Chancellor Angela Merkel left the door open to a compromise on debt sharing in the euro area as Italian Prime Minister Mario Monti said he can help bring Germany round to acting in Europe’s “common good.”
Merkel’s veto on allowing Germany to underwrite joint debt issuance in the 17-nation euro region is under fire from her international partners as well as the domestic opposition. While she refused to back joint euro-area bonds at a Brussels summit on May 23, Germany’s opposition parties wrung a concession from the chancellor on her return to Berlin yesterday to reconsider a separate proposal on common liability for sovereign debt.
“Europe can have euro bonds soon,” Monti said in an interview on Italian television station La7 yesterday. Germany has an economic interest in ensuring no country leaves the euro, while Greece will probably remain in the currency region even as “anything can happen,” he said.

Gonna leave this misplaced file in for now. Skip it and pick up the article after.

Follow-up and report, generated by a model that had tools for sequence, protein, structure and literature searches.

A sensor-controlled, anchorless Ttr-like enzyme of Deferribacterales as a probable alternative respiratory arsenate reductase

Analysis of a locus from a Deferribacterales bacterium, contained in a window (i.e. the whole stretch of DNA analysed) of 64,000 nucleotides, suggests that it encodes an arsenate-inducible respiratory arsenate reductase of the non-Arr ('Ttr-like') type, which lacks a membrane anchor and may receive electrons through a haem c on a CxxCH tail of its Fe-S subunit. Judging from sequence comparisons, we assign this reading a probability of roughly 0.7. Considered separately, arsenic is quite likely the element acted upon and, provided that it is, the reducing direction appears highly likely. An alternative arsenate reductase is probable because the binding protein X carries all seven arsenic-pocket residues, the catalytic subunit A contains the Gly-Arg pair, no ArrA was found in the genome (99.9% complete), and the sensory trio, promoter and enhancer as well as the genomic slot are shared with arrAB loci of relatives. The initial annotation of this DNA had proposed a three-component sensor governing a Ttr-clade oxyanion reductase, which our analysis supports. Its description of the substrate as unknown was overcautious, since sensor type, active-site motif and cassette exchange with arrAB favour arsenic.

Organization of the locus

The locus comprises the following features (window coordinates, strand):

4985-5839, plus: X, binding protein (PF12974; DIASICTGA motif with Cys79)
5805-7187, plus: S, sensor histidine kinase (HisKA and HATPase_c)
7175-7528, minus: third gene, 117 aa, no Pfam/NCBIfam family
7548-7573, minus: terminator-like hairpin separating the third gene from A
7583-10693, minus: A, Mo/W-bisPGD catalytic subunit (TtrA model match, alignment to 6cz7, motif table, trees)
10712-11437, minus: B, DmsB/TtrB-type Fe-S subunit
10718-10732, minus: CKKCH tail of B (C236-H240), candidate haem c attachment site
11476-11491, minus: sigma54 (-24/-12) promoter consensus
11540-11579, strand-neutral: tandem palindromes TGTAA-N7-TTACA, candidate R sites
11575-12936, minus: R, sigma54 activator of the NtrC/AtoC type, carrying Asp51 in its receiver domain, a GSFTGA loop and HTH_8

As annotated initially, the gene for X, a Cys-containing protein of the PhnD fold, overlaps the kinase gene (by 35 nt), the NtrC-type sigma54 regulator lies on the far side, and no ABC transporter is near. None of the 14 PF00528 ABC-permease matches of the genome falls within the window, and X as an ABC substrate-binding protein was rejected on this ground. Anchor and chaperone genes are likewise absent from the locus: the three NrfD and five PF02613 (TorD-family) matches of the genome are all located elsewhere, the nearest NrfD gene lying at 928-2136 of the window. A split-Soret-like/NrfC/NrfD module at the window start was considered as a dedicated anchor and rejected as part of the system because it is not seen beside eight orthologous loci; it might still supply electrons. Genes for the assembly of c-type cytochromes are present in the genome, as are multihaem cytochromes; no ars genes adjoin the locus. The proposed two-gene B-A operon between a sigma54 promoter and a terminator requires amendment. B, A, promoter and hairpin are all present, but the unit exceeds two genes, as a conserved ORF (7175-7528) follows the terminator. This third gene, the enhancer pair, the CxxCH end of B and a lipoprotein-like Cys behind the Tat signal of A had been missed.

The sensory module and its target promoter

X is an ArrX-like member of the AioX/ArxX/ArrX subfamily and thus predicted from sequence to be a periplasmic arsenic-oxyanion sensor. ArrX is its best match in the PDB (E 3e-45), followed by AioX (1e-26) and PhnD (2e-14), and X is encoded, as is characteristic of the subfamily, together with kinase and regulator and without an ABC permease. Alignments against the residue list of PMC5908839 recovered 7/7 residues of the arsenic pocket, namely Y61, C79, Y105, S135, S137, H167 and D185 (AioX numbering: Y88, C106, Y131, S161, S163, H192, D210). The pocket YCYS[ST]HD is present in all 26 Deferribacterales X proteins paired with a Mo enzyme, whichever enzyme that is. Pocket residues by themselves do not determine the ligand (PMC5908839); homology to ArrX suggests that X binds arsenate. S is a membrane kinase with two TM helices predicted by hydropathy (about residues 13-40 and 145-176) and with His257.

Merkel, who poured cold water on the redemption fund when it was unveiled last year, again doused joint debt liability in a speech yesterday, saying that the causes of the debt crisis “can’t be redressed with one big bang.”